Insurers’ 2011 Catastrophe Losses Reached Record on Japan, Munich Re Says

Japan’s earthquake and U.S. storms helped make 2011 the costliest year on record for insurance companies in terms of natural-disaster losses, according to Munich Re (ARN).

Several “devastating” earthquakes and a large number of weather-related catastrophes cost insurers $105 billion, more than double the natural-disaster figure for 2010 and exceeding the 2005 record of $101 billion, the world’s biggest reinsurer said in an e-mailed statement today. Competitor Swiss Re earlier estimated that the industry’s claims from natural catastrophes reached $103 billion.

Global economic losses jumped to $380 billion last year, surpassing the previous record of $220 billion in 2005, with the quakes in New Zealand in February and Japan in March accounting for almost two-thirds of the losses, Munich Re said.

“We had to contend with events with return periods of once every 1,000 years or even higher at the locations concerned,” Torsten Jeworrek, Munich Re’s board member responsible for global reinsurance, said in the statement. “We are prepared for such extreme situations.”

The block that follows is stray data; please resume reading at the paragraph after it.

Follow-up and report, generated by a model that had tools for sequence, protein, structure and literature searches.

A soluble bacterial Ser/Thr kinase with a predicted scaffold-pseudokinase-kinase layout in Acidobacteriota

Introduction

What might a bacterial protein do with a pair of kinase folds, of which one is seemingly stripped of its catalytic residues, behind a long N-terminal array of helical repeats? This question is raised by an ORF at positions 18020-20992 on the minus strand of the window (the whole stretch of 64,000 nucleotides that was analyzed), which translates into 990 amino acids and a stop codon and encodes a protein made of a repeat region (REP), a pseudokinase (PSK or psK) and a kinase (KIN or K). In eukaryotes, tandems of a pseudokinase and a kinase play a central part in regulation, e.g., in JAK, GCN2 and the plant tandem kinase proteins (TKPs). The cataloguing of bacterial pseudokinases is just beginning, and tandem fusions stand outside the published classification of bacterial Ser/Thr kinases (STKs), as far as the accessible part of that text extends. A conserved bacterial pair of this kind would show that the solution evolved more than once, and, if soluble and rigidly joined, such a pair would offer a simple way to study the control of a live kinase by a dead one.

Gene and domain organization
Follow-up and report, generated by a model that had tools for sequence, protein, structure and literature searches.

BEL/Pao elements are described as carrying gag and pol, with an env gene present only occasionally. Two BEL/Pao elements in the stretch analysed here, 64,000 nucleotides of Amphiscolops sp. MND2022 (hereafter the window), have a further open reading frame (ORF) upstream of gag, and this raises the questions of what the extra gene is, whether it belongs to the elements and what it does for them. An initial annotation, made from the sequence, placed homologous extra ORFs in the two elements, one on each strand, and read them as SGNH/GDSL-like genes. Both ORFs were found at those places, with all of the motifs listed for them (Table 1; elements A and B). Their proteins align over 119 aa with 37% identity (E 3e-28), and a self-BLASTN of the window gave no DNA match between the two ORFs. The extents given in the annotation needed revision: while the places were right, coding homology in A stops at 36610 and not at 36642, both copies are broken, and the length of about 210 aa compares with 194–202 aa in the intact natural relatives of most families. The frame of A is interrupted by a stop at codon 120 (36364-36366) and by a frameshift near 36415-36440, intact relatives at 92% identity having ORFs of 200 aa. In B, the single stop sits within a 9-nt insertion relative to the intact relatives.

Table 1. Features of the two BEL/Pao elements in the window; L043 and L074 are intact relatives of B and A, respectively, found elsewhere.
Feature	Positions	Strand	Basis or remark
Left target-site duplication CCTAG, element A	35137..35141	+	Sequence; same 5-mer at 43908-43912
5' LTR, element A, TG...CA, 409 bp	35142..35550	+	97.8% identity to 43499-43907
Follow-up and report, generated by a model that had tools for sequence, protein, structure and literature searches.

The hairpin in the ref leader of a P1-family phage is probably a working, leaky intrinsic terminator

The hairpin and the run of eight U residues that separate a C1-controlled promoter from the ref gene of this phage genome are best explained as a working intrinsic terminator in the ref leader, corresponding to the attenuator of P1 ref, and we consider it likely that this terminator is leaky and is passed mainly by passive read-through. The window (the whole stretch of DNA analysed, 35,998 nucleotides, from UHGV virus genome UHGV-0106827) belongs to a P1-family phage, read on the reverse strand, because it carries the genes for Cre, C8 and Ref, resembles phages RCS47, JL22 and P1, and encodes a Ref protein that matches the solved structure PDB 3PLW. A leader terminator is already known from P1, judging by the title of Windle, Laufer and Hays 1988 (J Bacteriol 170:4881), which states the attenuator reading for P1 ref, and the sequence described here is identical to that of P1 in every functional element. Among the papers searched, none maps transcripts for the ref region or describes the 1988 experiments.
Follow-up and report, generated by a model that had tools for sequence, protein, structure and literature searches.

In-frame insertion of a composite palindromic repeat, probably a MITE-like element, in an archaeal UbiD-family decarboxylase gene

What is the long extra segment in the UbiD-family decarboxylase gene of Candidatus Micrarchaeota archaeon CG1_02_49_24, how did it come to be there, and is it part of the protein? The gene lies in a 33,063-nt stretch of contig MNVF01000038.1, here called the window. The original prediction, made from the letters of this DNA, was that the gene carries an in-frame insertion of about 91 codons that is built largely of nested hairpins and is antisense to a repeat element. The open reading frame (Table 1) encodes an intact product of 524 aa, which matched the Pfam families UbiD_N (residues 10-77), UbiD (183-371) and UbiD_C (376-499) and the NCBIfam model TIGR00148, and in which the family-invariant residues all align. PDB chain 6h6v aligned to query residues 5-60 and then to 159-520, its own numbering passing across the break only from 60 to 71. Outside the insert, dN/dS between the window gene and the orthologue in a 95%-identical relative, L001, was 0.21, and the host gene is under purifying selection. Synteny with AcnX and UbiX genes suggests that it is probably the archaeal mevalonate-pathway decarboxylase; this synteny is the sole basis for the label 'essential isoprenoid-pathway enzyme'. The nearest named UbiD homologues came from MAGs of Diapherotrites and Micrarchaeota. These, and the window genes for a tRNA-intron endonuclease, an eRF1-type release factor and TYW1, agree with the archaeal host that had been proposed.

Japan’s earthquake and subsequent tsunami may cost insurers as much as $40 billion and the quake in New Zealand may cost $13 billion, the reinsurer said. Floods in Thailand were the third- costliest event at about $10 billion.

Other catastrophes included Hurricane Irene, causing $7 billion in insured losses, and severe storms and tornadoes in the U.S. in April, costing $7.3 billion.

For the first time, the U.S. National Oceanic and Atmospheric Administration classified a low-pressure system over the Mediterranean as a tropical storm, Munich Re said. Tropical storm Rolf made landfall on the French Mediterranean coast in November.

To contact the reporters on this story: Nicholas Comfort in Frankfurt at; Carolyn Bandel in Zurich at

To contact the editor responsible for this story: Frank Connelly at

Press spacebar to pause and continue. Press esc to stop.

Bloomberg reserves the right to remove comments but is under no obligation to do so, or to explain individual moderation decisions.

Please enable JavaScript to view the comments powered by Disqus.